Two raven skeletons were excavated from Charlie Lake Cave, British Columbia, in association with Paleoindian occupations dated at about 10,500 and 9500 B.P. The distribution and condition of the bones, the association with artifacts, the configuration and location of the site, and data from ethnographic and historic sources contribute to the argument that the two ravens were deposited deliberately by people. Article Summary by Jonathan C. Driver, May 2015 This paper emerged from a series of personal experiences I had while working at Tse’K’wa. Fairly late in the 1991 season I was excavating a layer dating to about 9000 BC that didn’t appear to contain any humanly-made artifacts but, like many layers at the site, had a few animal bones scattered through it. As I was digging I uncovered two bird bones lying in an “articulated” position – in other words, they were in the same relationship to each other as they would be when the bird was alive. Leaving them in place, I began to dig carefully around them, and soon realized I was uncovering a complete bird skeleton. As I uncovered each bone I drew it onto a plan, numbered it and removed it, so by the end of the work I mapped an almost complete bird skeleton, with each bone numbered and bagged separately. The final part of the excavation was very delicate, as I uncovered and mapped the individual toe bones. In among the toe bones was a small rock, and as I removed it I realized that it was a rather unusual stone artifact known as a “microblade core”. Made of very fine-grained stone, ancient people had carried it around so they could remove small, parallel sided flakes of stone, which could then be hafted in a variety of handles – rather like blades of utility knives that we use today. This technology is so distinctive that archaeologists make special note when it appears. The bird skeleton was lying in a small hollow, either natural or humanly made, so it appeared that someone had placed the dead bird in the hollow, with an artifact at its feet, and then covered it up so that it would not be disturbed. As we excavated even deeper levels we uncovered a second bird skeleton, scattered across about a square metre. Although it was older by at least 1000 years, it was even better preserved. We also mapped the bones of this skeleton as they emerged, and confirmed that we had a second bird that seemed to have been buried as a complete individual. During excavation seasons one is always concerned about getting as much done in the days available, so I didn’t spend much time trying to identify these birds. I assumed that once I was able to study the bones they would turn out to be some kind of waterfowl because remains of ducks and grebes are quite common at Tse’K’wa. Once I got back to the university at the end of the summer one of the first things I did was to check on the identification, and I quickly realized we had uncovered two raven skeletons. For anyone living in British Columbia the connection between ravens and First Nations people is well known. Bill Reid’s massive cedar sculpture at the UBC Museum of Anthropology of Raven opening a clam shell is visited by tens of thousands of people every year, and his Jade Canoe, steered by Raven, is seen by millions at the Vancouver airport. Elementary school children all read stories about Raven the trickster. This connection to BC’s First Nations would be reason enough to get excited, but I had a personal connection to ravens and Tse’K’wa that caused shivers to run up my spine as I made the identification of the bird skeletons in the bone lab. When we had finished our excavations in 1991 I spent a morning at the site by myself, mainly down in the bottom of the deep excavation finalizing some of the drawings, checking measurements and just thinking about the site before we started backfilling on the following day. It had been very quiet in the excavation hole, too deep to hear traffic noise from the Alaska Highway, no comments from an excavation crew, no scraping of trowels on rock, and no rattling as sediments were shaken through the screens. My companions throughout that morning were a pair of ravens who hung around the site, talking to each other and, as I liked to think, talking to me as well. My experience with the ravens that morning filled my thoughts as soon as I had confirmed the identification of the bones. I knew that there was a story to tell about the buried ravens, but it took me a while to sort it out, and quite a long time to get it accepted for publication. Like most scholars, archaeologists are most comfortable with the familiar. No one had found any evidence in North America for ritual behaviour this early, other than very rare human burials, and reviewers were reluctant to accept the interpretation that these two ravens were placed deliberately by people. I found this somewhat frustrating because the other region in which I work – the American Southwest – has thousands of examples dating from more recent times of “special” birds (mainly eagles, hawks, owls and parrots) found as complete skeletons. Often times these remains are in association with buildings identified as places of ceremonial or ritual activity for ancestral Native Americans. Tse’K’wa clearly would have a been a special place on the landscape, and both caves and ravens have all kinds of spiritual importance around the world. Why was it so difficult for other scholars to accept that the combination of complete skeletons, a special place, and culturally significant birds suggest that Tse’K’wa was a sacred location to the First Nations people who visited the site many years ago? Eventually I was able to convince the editor of American Antiquity – arguably the best archaeology journal in North America – that there would never be agreement amongst reviewers. Some thought my manuscript was too speculative, and others thought it was worth publishing. The published paper describes the location, configuration and age of the skeletons. It briefly describes the importance of ravens in cultures around the world. They are often seen as messengers, and are frequently connected to hunting. In some parts of North America Raven is both creator and trickster who has many human qualities. I also noted that Tse’K’wa was likely a prominent feature of the landscape, not only because of the cave, but also because there was a very large vertical stone monolith in front of the cave that would have been much more visible than today. Caves are often entrances to the underworld, and the placing of spiritually important birds right in front of the cave mouth may suggest that they were seen as capable of communicating between the world of the living and the world of the spirits.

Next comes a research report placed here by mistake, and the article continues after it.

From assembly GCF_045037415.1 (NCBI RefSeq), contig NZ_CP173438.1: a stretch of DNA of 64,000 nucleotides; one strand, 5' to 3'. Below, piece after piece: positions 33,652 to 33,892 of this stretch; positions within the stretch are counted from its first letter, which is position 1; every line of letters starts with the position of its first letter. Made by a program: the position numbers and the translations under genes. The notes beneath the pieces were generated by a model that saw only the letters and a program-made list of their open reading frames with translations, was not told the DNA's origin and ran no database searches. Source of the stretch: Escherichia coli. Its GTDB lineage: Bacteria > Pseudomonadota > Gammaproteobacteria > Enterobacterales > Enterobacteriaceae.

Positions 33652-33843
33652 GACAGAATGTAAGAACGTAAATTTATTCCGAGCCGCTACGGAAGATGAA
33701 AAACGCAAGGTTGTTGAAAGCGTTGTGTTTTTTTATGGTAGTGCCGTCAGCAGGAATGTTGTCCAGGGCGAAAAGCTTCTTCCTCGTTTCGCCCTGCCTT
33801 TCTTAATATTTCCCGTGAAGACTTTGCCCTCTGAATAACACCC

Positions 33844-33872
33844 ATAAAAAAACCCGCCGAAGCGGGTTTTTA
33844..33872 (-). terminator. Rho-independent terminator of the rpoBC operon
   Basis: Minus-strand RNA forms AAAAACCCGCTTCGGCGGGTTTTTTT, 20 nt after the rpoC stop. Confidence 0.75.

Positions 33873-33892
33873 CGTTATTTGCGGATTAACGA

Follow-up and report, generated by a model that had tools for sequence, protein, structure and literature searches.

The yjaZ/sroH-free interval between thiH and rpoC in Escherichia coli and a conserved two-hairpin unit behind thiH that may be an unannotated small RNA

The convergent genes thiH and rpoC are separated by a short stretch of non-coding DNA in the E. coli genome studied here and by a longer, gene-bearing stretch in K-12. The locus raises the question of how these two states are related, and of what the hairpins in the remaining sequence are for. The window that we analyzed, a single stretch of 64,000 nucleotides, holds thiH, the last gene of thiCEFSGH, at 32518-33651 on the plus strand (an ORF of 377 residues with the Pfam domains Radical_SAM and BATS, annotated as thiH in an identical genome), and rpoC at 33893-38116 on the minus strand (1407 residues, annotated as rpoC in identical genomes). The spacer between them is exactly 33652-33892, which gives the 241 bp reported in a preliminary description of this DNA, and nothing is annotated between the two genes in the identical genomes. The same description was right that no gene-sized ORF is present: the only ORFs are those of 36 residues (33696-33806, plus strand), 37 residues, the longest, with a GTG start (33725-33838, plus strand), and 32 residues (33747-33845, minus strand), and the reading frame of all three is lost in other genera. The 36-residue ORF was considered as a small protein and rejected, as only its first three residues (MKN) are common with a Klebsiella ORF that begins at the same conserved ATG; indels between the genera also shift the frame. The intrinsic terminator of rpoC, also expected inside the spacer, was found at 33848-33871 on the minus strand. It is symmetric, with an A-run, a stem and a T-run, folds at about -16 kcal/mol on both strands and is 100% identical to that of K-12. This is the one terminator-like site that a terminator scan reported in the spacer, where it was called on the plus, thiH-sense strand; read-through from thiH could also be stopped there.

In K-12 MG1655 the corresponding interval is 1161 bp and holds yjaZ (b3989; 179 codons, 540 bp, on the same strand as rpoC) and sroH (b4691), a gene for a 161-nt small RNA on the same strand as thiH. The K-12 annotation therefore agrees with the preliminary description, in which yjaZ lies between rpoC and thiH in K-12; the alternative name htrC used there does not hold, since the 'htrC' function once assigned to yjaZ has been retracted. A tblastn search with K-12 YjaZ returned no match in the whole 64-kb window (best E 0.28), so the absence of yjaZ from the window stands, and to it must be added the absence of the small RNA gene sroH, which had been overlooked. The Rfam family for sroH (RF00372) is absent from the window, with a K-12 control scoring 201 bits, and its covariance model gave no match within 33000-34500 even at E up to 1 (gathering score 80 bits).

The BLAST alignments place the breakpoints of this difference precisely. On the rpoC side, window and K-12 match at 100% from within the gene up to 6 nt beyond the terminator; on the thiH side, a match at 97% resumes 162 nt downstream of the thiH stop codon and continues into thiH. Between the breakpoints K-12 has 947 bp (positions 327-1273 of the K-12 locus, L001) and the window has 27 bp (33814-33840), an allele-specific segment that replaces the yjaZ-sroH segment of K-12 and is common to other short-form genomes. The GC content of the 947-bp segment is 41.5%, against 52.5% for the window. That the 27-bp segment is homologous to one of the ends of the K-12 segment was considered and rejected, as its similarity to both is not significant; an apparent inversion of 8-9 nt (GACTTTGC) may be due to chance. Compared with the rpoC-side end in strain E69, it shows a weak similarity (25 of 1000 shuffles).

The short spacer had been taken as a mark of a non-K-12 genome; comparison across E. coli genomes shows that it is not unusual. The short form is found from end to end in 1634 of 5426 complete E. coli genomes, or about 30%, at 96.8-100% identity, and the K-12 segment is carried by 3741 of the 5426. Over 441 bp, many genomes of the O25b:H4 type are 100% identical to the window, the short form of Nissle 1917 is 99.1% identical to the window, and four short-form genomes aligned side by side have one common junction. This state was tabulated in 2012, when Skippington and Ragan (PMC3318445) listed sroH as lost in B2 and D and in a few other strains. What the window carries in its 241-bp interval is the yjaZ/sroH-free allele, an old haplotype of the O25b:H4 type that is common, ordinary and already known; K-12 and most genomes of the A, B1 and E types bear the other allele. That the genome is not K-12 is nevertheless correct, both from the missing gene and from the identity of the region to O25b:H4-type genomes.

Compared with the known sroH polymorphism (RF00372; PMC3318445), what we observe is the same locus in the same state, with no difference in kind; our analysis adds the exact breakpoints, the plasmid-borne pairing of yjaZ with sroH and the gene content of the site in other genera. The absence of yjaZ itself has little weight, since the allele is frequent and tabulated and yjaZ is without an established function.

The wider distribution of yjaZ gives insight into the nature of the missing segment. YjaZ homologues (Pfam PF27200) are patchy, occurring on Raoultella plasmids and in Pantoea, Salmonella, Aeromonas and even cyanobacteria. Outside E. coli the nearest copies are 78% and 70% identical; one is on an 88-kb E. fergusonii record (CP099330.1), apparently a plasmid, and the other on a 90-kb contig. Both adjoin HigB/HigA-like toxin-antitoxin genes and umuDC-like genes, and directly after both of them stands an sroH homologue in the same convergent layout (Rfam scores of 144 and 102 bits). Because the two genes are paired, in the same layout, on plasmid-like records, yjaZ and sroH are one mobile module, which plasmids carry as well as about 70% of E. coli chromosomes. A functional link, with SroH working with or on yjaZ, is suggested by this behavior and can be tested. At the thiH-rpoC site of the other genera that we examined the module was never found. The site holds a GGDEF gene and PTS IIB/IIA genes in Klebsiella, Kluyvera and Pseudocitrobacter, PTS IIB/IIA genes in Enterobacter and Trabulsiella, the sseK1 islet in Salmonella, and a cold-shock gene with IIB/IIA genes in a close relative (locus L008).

This item is part of the Tse'K'Wa (Charlie Lake Cave) Collection in Summit, the SFU Research Repository. We kindly thank the publisher, Society for American Archaeology, for permission to reproduce this work in Summit.
Driver, Jonathan C. Raven Skeletons from Paleoindian Contexts, Charlie Lake Cave, British Columbia. American Antiquity 64(2):289-298.
Raven Skeletons from Paleoindian Contexts, Charlie Lake Cave, British Columbia
Copyright is held by the Society for American Archaeology. Reproduced with permission of the Society for American Archaeology.